At this point we can't just assume the function is equal to its Fourier Series, it has to satisfy certain conditions. See Convergence of Fourier series.

Without wasting time, (you still have to prove that it satisfies those conditions) we assume the Fourier Series converges to our function i.e $$f(x) = |\sin(x)| = \cfrac {2}{\pi}\left ( 1 + \sum^{\infty}_{n=1} \cfrac{2}{(1-4n^2)}\cos(2nx)\right )$$ Note that $x=0$ gives $\cos(2nx) = 1$ then $$f(0) = |\sin(0)| = \cfrac {2}{\pi}\left ( 1 + 2\sum^{\infty}_{n=1} \cfrac{1}{(1-4n^2)}\right ) =0$$ which implies that $$\sum^{\infty}_{n=1} \cfrac{1}{(1-4n^2)} = \cfrac {-1}{2}$$ and $$\boxed {\displaystyle\sum^{\infty}_{n=1} \cfrac{1}{(4n^2 -1)}= -\sum^{\infty}_{n=1} \cfrac{1}{(1-4n^2)} = \cfrac {1}{2}}$$

Observe again that when $x = \cfrac \pi 2$, $\cos (2nx) = cos(n \pi) = (-1)^n$, thus

$$f \left (\cfrac \pi 2 \right) = \left |\sin \left (\cfrac \pi 2\right )\right | = \cfrac {2}{\pi}\left ( 1 + 2\sum^{\infty}_{n=1} \cfrac{(-1)^n}{(1-4n^2)}\right ) =1$$ which implies that $$\sum^{\infty}_{n=1} \cfrac{(-1)^n}{(1-4n^2)} = \cfrac {1}{4}(\pi -2)$$ and $$\boxed {\displaystyle\sum^{\infty}_{n=1} \cfrac{(-1)^n}{(4n^2 -1)}= -\sum^{\infty}_{n=1} \cfrac{(-1)^n}{(1-4n^2)} = \cfrac {1}{4}(2-\pi)}$$

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There is an alternative way to calculating the Fourier series as follows. The Fourier series for a periodic function $f(x)$ of period $2\pi$ (written $f(x) \sim \sum a_ne^{inx}$) is the sum $$\sum a_n e^{inx}$$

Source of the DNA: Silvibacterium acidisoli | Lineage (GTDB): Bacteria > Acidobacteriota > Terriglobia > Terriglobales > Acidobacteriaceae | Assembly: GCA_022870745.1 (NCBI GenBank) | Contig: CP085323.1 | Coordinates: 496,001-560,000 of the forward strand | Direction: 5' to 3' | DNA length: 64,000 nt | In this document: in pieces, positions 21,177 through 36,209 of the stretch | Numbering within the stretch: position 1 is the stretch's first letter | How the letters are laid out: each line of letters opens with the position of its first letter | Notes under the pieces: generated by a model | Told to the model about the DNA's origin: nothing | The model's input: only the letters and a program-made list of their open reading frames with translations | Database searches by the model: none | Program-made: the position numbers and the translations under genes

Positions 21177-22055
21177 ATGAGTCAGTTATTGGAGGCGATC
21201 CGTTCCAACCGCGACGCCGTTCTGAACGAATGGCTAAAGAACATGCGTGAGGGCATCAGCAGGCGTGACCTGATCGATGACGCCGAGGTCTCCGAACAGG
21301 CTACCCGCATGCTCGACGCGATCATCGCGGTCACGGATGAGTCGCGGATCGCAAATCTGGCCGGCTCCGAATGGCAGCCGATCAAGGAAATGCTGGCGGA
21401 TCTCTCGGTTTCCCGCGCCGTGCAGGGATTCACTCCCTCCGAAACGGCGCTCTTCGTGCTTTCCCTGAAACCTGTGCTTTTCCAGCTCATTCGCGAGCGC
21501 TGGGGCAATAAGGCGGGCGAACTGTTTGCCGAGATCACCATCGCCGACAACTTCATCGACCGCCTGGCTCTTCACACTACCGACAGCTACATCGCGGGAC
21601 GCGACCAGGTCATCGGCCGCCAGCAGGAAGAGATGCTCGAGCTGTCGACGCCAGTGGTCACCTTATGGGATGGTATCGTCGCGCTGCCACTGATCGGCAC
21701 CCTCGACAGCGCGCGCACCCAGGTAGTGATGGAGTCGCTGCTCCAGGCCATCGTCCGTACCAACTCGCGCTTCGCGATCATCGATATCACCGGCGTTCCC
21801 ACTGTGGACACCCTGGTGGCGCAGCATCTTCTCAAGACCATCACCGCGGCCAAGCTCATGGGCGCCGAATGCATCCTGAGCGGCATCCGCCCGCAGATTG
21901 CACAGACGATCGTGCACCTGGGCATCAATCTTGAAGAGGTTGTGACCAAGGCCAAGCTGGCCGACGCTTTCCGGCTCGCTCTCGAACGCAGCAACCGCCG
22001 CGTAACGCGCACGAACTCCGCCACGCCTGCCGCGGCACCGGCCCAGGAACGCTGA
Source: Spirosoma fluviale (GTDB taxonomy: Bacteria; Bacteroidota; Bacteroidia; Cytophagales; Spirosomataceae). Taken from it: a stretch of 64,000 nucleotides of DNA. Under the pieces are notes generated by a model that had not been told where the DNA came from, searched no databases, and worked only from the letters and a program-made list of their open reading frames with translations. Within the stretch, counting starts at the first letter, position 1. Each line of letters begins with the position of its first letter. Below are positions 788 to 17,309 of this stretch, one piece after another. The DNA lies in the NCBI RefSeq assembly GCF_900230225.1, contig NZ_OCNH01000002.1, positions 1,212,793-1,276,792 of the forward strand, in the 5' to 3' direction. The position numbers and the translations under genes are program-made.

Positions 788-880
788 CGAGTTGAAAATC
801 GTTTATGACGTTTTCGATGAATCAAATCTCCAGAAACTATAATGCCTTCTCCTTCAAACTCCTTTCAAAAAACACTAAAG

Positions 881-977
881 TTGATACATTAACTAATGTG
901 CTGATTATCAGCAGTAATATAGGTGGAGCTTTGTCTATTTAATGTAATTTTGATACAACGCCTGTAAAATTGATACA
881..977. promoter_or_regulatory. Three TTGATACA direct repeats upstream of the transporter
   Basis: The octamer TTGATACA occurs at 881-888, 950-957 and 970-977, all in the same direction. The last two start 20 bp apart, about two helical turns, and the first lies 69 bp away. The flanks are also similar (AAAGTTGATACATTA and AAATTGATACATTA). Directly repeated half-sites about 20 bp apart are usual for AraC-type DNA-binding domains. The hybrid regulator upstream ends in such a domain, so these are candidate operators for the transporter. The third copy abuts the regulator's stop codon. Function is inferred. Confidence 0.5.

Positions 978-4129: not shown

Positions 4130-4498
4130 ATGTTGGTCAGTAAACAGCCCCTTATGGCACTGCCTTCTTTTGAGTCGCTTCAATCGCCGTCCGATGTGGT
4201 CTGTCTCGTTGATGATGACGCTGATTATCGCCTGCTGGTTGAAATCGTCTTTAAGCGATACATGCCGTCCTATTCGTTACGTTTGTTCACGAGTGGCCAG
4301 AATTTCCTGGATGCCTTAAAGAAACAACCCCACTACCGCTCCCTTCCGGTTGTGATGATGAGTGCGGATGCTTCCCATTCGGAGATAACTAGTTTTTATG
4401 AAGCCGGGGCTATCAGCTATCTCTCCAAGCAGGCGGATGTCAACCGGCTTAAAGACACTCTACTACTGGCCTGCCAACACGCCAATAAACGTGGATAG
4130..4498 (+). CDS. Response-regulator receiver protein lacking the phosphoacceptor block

where the Fourier coefficients $a_n$ are defined by $a_n = \frac{1}{2\pi}\int_{-\pi}^\pi f(x)e^{-inx} dx$. Now in your case, you can split the integral up into

$$\frac{1}{2\pi} \left(\int_{-\pi}^0 -\sin x e^{-inx} dx + \int_0^\pi \sin x e^{-inx} dx\right).$$

Now recall that $\sin x = \frac{e^{inx} - e^{-inx}}{2i}$ and chuck this into the integral to get the Fourier coefficient $a_n$ and hence you will obtain your Fourier series. You should get (I'm not spoiling anything because you can just chuck it into mathematica) that

$$f(x) \sim \sum_{n \in \Bbb{Z}} \frac{(1 + (-1)^n)e^{inx}}{\pi (1- n^2)} $$ Now to complete your problem in evaluating that sum, I suggest the following: The fourier series of $f(x)$ is absolutely convergent so we can say that

$$f(x) = \sum_{n \in \Bbb{Z}} \frac{(1 + (-1)^n)e^{inx}}{\pi (1- n^2)}. $$

For $n$ odd, the sum is zero so actually you can write

$$f(x) = \sum_{n \in \Bbb{Z}} \frac{2e^{2inx}}{\pi (1- (2n)^2)}.$$

Now put $x = \pi$ so that $f(\pi) =0.$ Then we get that

$$\begin{eqnarray*} 0 = \sum_{n \in \Bbb{Z}} \frac{2e^{2in\pi}}{\pi (1- (2n)^2)} &=& \sum_{n\in\Bbb{Z}} \frac{2}{\pi (1- (2n)^2)} \\ &=&\frac{2}{\pi} + \sum_{n\in\Bbb{Z}, n \geq 1}\frac{4}{\pi (1- (2n)^2)} \\ \implies \sum_{n\in\Bbb{Z}, n \geq 1}\frac{1}{4n^2 - 1} &=& \frac{2}{\pi}\cdot \frac{\pi}{4}\\ &=& \frac{1}{2}. \end{eqnarray*}$$

The evaluation of the second sum is similar except that instead of substituting in $x = \pi$ you substitute in $x = \pi/2$.